Protesters opposing LNG Canada drop banners inside B.C. legislature

Protective Services remind public that building should be kept impartial

Members of a local direct action group snuck banners past security into the B.C. legislature Thursday, dropping them from the second floor rotunda. Messages of protest against Liquefied Natural Gas (LNG) unfurled down to the first floor, back-dropping the legislature Christmas tree.

Local organizers with the group Rise and Resist said they were motivated by the October release of the United Nations Intergovernmental Panel on Climate Change (IPCC) report which outlines the drastic measures needed to limit the global temperature increase to 1.5 degrees Celsius – the rate that will substantially reduce the risks and effects of climate change.

The report by the IPCC said meeting the ambitious goal “would require rapid, far-reaching and unprecedented changes in all aspects of society.”

RELATED: B.C. halts northeast fracking operations while it investigates earthquakes

The group’s protest specifically targeted LNG Canada’s recently approved Kitimat project, after the BC NDP and Greens announced Wednesday that their new climate plan still allows for LNG Canada’s facility to be built.

“It is a huge misconception of what climate action is when the government releases a strategy to reduce emissions while approving emission intensive projects,” said organizer Hannah Gelderman. “B.C. is already seeing the effects of climate change in the form of massive forest fires, if LNG Canada goes ahead they will only intensify. We are literally lighting ourselves on fire in order to export fuel to Asia.”

RELATED: JGC Fluor gets go-ahead to start construction on LNG Canada

Organizers say that any hope for a safe climate hinges on ceasing all fossil fuel expansion immediately.

The group also raised concerns about Indigenous rights, saying Indigenous title holders such as the Unist’ot’en of the Wet’suwet’en Territories have not consented to the construction of the Coastal Gaslink Pipeline that will service the Kitimat terminal.

“Grassroots activists and Indigenous title holders in fracking country have been fighting LNG for years because of its impact on their lands and waters. We’re here to stand together with them and to say we won’t tolerate fossil fuel expansion, period,” said organizer Keith Cherry.

RELATED: No change to Canada’s climate plans as UN report warns of losing battle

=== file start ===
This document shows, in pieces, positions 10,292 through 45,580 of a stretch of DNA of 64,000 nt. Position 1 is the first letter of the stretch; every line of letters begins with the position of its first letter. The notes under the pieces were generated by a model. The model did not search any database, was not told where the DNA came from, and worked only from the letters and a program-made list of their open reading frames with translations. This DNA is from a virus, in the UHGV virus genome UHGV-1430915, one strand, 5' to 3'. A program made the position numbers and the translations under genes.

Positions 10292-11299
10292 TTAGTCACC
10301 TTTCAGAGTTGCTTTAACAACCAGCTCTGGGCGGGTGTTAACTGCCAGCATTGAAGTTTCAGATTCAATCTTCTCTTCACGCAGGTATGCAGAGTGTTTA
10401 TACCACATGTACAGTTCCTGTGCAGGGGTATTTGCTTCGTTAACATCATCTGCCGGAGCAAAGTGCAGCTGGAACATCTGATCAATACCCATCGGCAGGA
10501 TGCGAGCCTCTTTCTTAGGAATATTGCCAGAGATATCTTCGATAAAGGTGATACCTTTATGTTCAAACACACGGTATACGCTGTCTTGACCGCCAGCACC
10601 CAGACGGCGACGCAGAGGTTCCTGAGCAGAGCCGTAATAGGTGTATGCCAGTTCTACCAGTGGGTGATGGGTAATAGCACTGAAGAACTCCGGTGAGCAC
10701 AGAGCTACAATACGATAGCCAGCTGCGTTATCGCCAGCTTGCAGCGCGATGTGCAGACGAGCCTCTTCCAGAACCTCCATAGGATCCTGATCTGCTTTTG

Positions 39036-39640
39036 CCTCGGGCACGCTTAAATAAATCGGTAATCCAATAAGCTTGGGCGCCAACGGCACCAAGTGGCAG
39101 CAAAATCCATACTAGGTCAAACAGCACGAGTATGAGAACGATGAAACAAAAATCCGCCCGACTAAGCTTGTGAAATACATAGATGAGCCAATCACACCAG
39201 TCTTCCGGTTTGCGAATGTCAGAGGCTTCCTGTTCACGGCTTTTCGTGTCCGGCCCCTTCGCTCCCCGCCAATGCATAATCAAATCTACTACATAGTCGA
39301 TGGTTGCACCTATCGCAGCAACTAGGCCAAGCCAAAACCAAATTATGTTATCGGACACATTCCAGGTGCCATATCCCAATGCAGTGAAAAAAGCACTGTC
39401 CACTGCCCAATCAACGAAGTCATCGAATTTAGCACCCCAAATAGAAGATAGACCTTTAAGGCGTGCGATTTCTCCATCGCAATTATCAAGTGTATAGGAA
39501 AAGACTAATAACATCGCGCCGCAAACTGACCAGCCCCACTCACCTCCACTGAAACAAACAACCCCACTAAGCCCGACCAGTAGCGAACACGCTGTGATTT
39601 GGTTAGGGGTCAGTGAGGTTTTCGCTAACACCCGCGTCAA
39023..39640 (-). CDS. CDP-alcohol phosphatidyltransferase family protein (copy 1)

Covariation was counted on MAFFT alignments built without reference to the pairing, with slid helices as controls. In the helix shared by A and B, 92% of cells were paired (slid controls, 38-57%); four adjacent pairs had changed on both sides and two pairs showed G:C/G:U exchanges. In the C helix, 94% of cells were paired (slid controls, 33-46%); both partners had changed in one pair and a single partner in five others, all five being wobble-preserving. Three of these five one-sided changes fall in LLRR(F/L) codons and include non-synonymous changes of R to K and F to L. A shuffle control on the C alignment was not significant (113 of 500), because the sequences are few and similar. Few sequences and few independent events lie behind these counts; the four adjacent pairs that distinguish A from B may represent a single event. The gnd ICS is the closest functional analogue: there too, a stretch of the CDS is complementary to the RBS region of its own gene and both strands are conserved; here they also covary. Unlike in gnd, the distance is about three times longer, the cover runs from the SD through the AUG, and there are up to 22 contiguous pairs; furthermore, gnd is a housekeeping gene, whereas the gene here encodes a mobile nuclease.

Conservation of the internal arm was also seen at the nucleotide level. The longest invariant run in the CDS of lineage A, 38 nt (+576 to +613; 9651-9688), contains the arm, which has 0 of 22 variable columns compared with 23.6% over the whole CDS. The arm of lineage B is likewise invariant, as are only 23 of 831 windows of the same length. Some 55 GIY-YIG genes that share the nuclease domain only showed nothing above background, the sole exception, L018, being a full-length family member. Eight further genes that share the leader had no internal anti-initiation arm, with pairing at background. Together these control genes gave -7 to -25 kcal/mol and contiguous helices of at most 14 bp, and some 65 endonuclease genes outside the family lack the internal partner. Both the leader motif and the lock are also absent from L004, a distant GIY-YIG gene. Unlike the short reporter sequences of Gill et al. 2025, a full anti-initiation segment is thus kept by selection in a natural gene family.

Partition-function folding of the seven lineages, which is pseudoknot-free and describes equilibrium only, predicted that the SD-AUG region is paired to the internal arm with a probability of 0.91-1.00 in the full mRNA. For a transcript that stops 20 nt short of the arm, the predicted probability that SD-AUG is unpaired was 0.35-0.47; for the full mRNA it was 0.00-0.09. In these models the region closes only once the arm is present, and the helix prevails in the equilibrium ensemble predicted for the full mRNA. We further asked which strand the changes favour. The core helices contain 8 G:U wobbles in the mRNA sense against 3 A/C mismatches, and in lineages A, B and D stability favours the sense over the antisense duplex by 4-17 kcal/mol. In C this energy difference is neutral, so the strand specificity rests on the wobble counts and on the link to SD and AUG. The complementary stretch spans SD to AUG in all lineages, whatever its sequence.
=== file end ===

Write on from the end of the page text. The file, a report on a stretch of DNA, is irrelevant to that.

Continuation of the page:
The protesters were quickly spotted by security and escorted out of the legislature, according to Staff Sgt. Ron Huck with Legislative Assembly Protective Services.

“One of the things people need to remember is that the interior public areas of the legislature should be non-partisan and impartial,” said Huck. “We strive to keep it as impartial as possible. Protests make that more difficult.”

The lawns and the steps of the legislature are often used for protests, with security able to provide support, however Huck said the inside is a place of business where everyone “should have a level playing field.”

RELATED: Six protesters arrested in Victoria’s Johnson Street Bridge sit-in

The group is the same one responsible for the recent sit-in on Johnson Street Bridge that closed the main thoroughfare for two and half hours and ended with the arrest of six protesters.


 

keri.coles@blackpress.ca

Follow us on Instagram
Like us on Facebook and follow us on Twitter.

 

Rise and Resist organizers drop banners off the rotunda of the B.C. legislature Thursday to show their opposition to LNG Canada’s recently approved Kitimat project. (Submitted)

Rise and Resist organizers drop banners off the rotunda of the B.C. legislature Thursday to show their opposition to LNG Canada’s recently approved Kitimat project. (Submitted)

Rise and Resist organizers drop banners off the rotunda of the B.C. legislature Thursday to show their opposition to LNG Canada’s recently approved Kitimat project. (Submitted)

Just Posted

Hundreds turn out for Singh, NDP candidate rally in Penticton

The messaging was clear, NDP “chooses you”

Thrash Wrestling hosts All the Rage international match tonight

Local wrestlers take on stars of Doutonbori Pro Wrestling from Osaka, Japan.

Penticton local looking to go pro in kickboxing in 2020

The sport will become officially legal in B.C. in just over two months

Vees fall to Vipers in overtime at the SOEC

Penticton takes on Nanaimo tonight in their double header home game weekend

Summerland holds multiple events to launch festive season

Festival of Lights, Light Up the Vines and Sip ’n’ Shop will be held in late November and December

ELECTION 2019: It’s so close, it could come down to who turns out to vote

Black Press Media’s polling analyst on the origins of predictive seat modelling in Canada

Letter: Candidates and social issues

Reader feels only Cannings and NDP have plans for social issues

PET OF THE WEEK: Moose still needs a home

Critteraid cat wants a nice, quiet environment

Jack’s Devils beat Quinn’s Canucks 1-0 in NHL brother battle

New Jersey youngster scores first career goal against Vancouver

Two charged after owner’s wild ride through Kamloops in his stolen truck

Crystal Rae Dorrington, 37, and Derrick Ronald Pearson, 32, facing multiple charges

Judge orders credit union’s bank records for Kelowna social worker facing theft allegations

The man is accused of negligence, breach of contract, fraud and a conspiracy with Interior Savings

Leaders pour it on with rallies, boosts for candidates as campaign reaches peak

The federal election campaign has reached a crescendo

Allegations of racism lead to ministry investigation at Vancouver private school

St. George’s School was contacted over what the school describes as ‘deeply offensive behaviour online’

Not a political question: Thunberg calls for climate action in Alberta

Edmonton police estimated the size of the crowd at about 4,000

Most Read